Black Gotham Stories

Elite Values

The black elite was determined to prove that they were just as capable of succeeding in life as white New Yorkers.  They admonished blacks to be self-reliant in bettering their own circumstances and those of the community.  Like their white counterparts, they preached a Protestant gospel of hard work.  They promised that education and dedication to work would eventually lead to success in business and entrepreneurship, and ultimately to profit and wealth. 

Reliable accounts of black wealth are hard to come by.  One report from the late 1850s claimed that the total value of the real estate on which the 1,000 most prominent black citizens paid taxes was $1, 400,000 while the total of their deposits in savings banks was estimated at $1,121,000.  Like the Knickerbockers before them, this new black aristocracy understood that, just as much as personal income, investment in real estate was a path to wealth.  Boyd’s Tax Book for 1856 and 1857 valued Philip White’s real estate at $9,300, James McCune Smith’s at $7,734, and Charles Ray’s at $3,000.  

No. 86 North Moore Street

House on N. Moore Street

Many black families were not nearly so well off, and all remained conscious of the fragility of their financial status.  In his transition from hairdressing to pharmacy, Peter Guignon fell on hard times.  His wife Cornelia was obliged to write Albro Lyons a note apologizing for the fact that they were unable to pay back the money they owed him.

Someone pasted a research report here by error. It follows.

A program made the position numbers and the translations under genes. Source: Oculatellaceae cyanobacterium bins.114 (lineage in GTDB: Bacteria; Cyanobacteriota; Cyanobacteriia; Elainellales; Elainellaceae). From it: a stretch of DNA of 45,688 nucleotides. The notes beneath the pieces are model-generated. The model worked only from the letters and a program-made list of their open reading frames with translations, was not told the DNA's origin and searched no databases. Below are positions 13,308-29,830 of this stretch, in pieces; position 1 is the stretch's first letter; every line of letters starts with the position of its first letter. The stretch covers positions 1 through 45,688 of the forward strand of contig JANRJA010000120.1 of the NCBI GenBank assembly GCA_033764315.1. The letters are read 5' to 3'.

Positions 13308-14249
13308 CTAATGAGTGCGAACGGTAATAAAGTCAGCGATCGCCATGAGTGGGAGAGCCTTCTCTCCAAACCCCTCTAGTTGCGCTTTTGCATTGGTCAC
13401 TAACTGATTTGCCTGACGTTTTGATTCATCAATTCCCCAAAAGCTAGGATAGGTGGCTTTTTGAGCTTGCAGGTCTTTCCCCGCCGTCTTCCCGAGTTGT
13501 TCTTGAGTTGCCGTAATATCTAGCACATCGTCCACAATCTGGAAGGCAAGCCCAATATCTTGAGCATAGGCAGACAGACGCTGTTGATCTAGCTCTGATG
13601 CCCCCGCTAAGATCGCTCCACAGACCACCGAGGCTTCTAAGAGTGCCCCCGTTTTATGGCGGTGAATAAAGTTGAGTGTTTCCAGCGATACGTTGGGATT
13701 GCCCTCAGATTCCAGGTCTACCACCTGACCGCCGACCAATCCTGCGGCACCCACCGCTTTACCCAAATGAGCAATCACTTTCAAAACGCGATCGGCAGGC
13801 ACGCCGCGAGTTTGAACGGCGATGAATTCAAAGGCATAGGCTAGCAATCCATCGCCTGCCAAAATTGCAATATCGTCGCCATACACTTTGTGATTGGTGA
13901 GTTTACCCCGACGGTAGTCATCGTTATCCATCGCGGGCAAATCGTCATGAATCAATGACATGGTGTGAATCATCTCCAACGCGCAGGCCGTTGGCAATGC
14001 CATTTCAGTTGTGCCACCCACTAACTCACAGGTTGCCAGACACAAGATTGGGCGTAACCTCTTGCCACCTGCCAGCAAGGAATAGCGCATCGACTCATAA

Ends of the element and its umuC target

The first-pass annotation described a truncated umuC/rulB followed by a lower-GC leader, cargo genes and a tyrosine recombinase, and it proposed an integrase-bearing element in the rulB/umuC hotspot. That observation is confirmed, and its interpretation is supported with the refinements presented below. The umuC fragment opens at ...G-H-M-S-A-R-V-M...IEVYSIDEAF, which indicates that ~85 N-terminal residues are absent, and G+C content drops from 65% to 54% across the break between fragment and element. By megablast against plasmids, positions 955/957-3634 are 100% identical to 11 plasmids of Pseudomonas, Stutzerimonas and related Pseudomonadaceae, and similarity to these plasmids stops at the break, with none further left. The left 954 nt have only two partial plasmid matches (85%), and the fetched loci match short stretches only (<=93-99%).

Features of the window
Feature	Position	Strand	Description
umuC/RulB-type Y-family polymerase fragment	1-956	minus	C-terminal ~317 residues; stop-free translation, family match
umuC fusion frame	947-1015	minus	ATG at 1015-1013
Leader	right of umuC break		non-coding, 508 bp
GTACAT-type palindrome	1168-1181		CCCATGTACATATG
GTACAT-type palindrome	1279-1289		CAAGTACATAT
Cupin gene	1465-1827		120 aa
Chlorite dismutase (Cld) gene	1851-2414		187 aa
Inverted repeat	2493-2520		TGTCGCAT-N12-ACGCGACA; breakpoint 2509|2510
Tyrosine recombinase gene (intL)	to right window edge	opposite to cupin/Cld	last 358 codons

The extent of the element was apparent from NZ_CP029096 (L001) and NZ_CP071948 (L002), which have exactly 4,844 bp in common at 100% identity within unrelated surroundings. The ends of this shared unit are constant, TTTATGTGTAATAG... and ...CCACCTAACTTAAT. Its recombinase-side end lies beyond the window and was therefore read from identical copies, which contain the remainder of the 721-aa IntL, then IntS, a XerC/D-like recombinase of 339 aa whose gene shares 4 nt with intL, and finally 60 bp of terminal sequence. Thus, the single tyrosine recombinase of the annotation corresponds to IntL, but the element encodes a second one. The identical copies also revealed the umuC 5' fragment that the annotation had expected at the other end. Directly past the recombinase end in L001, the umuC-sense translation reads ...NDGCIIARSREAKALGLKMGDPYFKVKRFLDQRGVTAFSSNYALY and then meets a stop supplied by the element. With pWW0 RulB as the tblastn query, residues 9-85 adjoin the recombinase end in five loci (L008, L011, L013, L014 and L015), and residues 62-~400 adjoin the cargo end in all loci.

Cornelia Guignon letter (repayment of debt)

Letter from Cornelia Guignon to Albro Lyons

Wealth, however, was not the most important criterion for membership in the elite.  It still held fast to the traditional values of “character” and “respectability.”  Character meant cultivating the inner values of piety, temperance, moral development.  Once acquired, character would reveal itself in respectability, outward conduct marked by sobriety, modesty, industriousness, economy.  The elite was convinced that if the black community came together to work toward these goals, they would ultimately garner the respect of white America and, in due course, achieve political and civil equality. Throughout the 1840s and 1850s, James McCune Smith was the undisputed leader of black New Yorkers' activism and the backroom of his pharmacy a frequent meeting place.

Bobo, William M. Glimpses of New-York, by a South Carolinian (who had nothing else to do). Charleston: J. J. McCarter, 1852.

Foster, George G. New York by Gas-Light (1850).